Cuba is a short boat ride away from the Florida Coast. It’s so close that Fidel Castro’s cigar smoke would sometimes perfume Little Havana in Miami. The Cuban exiles living in Florida were beached in the land of freedom, but they had still been affected by Fidel’s looming presence in their homeland. Fidel, a dictator, ruled Cuba for 47 years until 2006 when control was handed down to his younger brother, Raul. The Cuban dissidents rejoiced over Fidel’s recent death, while many on the left mourned his passing.
Liberals the world over are not mourning his death like a beloved personality who passed away too soon, but rather like a revered grandfather whose time had finally come. They’re reflecting on his life as a charismatic revolutionary who upended a world class civilization to create an anti-American society that had equality for its masses. A cause Progressives believe in.
Some on the left view American and Western culture as materialistic and unjust and they fantasize about the remedy to correct their perceived wrongs. Progressives believe that capitalism just wastes resources and is the cause of global climate change; and that wealth and resources are not equally distributed across society.
So it is easy for these Progressives to overlook Fidel Castro’s brutality and the suffering of the Cuban people. In their eyes his communist system had too much that was correct and it tickles their fantasies of a world where everyone has equality and society can be controlled by those who know best.
The Dictator thumbed his nose at everything the US stood for: limited government, personal liberty, free enterprise and upward mobility. As a result, Cuba became a third world country stuck in the fifties where generations of Cubans couldn’t live their life to their full potential. The crowning achievement of Fidel’s control is free education and access to free healthcare. Fidel’s Cuba does have equality, but it is misery equally distributed.
The problem with the left’s dream of an equal society is that wealth and resources have to be first created in order to be equally distributed. If personal enrichment and a path for a better life are removed from a civilization, then there won’t be any incentive to create new wealth for further distribution.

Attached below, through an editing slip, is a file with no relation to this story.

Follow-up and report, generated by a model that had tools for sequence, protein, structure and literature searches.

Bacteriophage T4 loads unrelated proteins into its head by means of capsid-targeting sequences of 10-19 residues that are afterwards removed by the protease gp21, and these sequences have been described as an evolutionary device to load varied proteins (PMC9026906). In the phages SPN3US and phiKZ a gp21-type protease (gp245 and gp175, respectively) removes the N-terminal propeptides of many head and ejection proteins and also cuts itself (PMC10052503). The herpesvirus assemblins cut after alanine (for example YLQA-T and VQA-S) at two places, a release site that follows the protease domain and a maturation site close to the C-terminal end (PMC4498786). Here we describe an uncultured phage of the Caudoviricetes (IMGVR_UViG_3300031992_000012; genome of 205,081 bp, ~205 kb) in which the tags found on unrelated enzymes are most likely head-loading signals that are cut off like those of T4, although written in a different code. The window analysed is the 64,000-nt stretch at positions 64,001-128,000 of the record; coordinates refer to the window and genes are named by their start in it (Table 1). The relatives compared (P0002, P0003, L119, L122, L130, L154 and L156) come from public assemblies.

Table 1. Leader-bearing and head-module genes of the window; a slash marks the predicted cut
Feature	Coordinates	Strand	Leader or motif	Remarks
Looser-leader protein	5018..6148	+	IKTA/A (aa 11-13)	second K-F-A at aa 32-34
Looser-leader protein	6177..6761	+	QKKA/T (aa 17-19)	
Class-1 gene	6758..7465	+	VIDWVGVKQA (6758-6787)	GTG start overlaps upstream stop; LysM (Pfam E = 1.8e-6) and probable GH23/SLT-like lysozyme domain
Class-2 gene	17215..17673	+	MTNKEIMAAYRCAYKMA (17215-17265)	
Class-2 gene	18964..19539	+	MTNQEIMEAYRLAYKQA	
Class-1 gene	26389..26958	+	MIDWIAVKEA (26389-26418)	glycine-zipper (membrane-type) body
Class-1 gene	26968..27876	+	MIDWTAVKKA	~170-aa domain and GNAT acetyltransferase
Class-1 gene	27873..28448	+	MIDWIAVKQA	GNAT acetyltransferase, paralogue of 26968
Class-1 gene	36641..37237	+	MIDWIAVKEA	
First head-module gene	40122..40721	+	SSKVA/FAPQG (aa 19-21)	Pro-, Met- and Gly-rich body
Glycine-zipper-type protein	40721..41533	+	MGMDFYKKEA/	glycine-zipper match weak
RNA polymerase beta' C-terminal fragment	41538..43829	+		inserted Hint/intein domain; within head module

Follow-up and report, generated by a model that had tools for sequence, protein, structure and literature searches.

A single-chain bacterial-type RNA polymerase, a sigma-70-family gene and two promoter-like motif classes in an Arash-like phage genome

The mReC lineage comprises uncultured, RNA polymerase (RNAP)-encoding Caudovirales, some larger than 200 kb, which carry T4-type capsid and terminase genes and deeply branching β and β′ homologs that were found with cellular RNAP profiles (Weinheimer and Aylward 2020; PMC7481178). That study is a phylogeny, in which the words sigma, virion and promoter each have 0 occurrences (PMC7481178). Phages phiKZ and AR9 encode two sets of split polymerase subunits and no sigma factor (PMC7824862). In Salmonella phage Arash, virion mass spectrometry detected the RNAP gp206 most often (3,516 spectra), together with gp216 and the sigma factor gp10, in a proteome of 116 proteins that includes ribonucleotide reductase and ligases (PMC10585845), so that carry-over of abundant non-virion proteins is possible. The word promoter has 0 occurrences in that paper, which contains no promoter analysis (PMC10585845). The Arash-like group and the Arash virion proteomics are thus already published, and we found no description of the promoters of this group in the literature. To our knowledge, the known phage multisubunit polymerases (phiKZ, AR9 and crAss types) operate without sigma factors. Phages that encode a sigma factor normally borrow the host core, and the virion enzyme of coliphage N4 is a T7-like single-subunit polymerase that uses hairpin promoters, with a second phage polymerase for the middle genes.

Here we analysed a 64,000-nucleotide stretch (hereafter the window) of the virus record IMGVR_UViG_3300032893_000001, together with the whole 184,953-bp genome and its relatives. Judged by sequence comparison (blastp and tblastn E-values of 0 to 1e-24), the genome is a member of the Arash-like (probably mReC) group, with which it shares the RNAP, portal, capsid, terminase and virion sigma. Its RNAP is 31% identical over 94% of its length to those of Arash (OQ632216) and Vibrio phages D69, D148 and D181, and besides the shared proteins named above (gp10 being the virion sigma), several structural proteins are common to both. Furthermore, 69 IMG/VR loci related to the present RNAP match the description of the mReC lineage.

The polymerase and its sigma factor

As the wealth of an equal society declines, so does the standard of living for its citizens. Yes, there is equality, but less and less resources are shared. There isn’t any upward mobility only downward. The poorest benefit some, but the poor’s misery eventually spreads throughout all of society. The only exceptions, of course, are the elitists in control. They have everything the capitalist world can offer.
There is, however, hope for a better tomorrow for the Cuban people. Raul Castro is 87 years old and has in recent years allowed some freedoms to creep in, but still not enough to bring Cubans into the 21st century. It’s difficult for people who’ve grown up in communist Cuba to imagine anything but the system that Fidel created. But if these people are given access to uncensored information from tourists and the internet, then their eyes will be opened and they’ll demand personal liberty and the opportunities that are derived from free enterprise.
Fidel Castro disparaged American ideals, but in the end his people will choose those ideals for themselves because upward mobility and personal freedom are better than equal misery. Once the Cuban people finally have freedom, they won't revere Fidel like Progressives do today, but will remember him as a ruthless dictator who kept Cuba in the dark for over a half century.